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13. starting historical research in a pandemic
thinking about reframing my approaches and "creative constraint"
Hi there! 👋 I’m Ida, and this is tiny driver, a newsletter about research, pedagogy, culture and their intersections. Thank you for being here. Reply anytime, I love hearing from you.
A lot has been happening in the world (understatement of the literal century). It's overwhelming. I feel like I've written this before. And I'm writing it again mostly to remind myself that this is not normal, and that this is why I need to have self-soothing practices in place. If you need some resources on taking care of your mental health during this time, check out the links at the top of last week's newsletter.
Apart from tiny driver coming out, last Monday also marked my first Zoom talk! In case you missed it & wanted to watch, I'll put the video below. Please excuse the Zoom awkwardness 😬—it was absolutely wild talking to a big television with a little camera at the top.
On Friday, I was also able to host an AMA (ask me anything) on learning & education through The Lounge by Girls' Night In. (A quick aside: GNI was the second newsletter I ever subscribed to [the first was Ann Friedman's], so they are partly to thank for tiny driver's existence 🤩!) In the spirit of paying it forward, I answered questions about grad school, freelance writing, and work/life balance. One of the best things that happened was that I got to meet a fellow American Studies PhD who does work that's similar to mine (shoutout to Sara A.)! We are having a zoom coffee later this week, and I couldn't be more thrilled!!! I guess you find your people in the unlikeliest of places, and I am so glad that I ~put myself out there~! 🤓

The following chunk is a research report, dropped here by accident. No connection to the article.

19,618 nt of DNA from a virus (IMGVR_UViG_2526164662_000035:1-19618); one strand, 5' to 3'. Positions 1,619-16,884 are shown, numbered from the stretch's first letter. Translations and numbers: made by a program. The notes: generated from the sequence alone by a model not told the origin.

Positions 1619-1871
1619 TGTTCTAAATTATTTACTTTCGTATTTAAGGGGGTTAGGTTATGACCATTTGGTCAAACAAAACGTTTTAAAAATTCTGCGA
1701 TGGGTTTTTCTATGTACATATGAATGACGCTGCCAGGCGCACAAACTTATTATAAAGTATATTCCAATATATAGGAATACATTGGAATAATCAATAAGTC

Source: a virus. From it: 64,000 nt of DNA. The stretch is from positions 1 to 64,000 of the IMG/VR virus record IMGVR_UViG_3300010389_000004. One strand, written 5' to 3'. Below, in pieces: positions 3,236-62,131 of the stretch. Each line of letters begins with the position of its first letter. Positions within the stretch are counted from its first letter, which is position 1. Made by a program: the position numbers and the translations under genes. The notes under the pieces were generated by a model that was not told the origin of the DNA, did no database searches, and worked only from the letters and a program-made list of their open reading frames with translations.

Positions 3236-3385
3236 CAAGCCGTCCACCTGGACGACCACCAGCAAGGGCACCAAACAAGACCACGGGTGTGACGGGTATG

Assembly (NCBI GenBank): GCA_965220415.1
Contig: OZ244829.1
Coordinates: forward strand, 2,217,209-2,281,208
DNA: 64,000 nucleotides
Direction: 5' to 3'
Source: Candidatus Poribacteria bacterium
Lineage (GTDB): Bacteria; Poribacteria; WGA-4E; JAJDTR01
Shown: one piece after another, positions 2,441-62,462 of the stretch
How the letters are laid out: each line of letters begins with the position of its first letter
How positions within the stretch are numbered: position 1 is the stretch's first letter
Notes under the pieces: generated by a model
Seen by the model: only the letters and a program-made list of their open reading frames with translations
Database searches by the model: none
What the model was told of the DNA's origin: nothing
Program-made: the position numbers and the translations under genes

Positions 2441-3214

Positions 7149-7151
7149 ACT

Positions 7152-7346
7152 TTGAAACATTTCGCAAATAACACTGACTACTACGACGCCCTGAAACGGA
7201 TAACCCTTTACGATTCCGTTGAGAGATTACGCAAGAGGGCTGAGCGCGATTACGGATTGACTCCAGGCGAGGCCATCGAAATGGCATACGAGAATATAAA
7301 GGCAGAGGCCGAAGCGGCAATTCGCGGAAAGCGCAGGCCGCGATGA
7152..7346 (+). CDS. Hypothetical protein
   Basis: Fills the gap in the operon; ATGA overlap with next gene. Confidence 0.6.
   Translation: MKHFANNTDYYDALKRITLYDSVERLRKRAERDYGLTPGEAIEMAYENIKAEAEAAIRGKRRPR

I also wanted to share some answers that I wrote during the AMA, just in case they'd be helpful for other folks! (Names redacted for privacy.) If you want to share these answers with a friend, feel free to send this newsletter along using the button below!
📚 On non-academic book recs for learning about US imperialism:
👩💻 On not getting too overwhelmed with grad school or a transition when you first start:
💭 On how to start thinking about where you want to go or what you want to do for grad school:
📩 I ended the AMA like this:
And I'd like to extend that offer to the tiny driver community as well.
If any of you ever have a question or need a sounding board, I'd love it if you'd drop me a line by replying to this email or leaving a comment. The bonus of leaving a comment is that other folks can weigh in as well! I'm also thinking in the next few months of having a similar AMA on tiny driver through Substack's discussion thread feature, so let me know if you'd find that to be of interest as well!
What I write.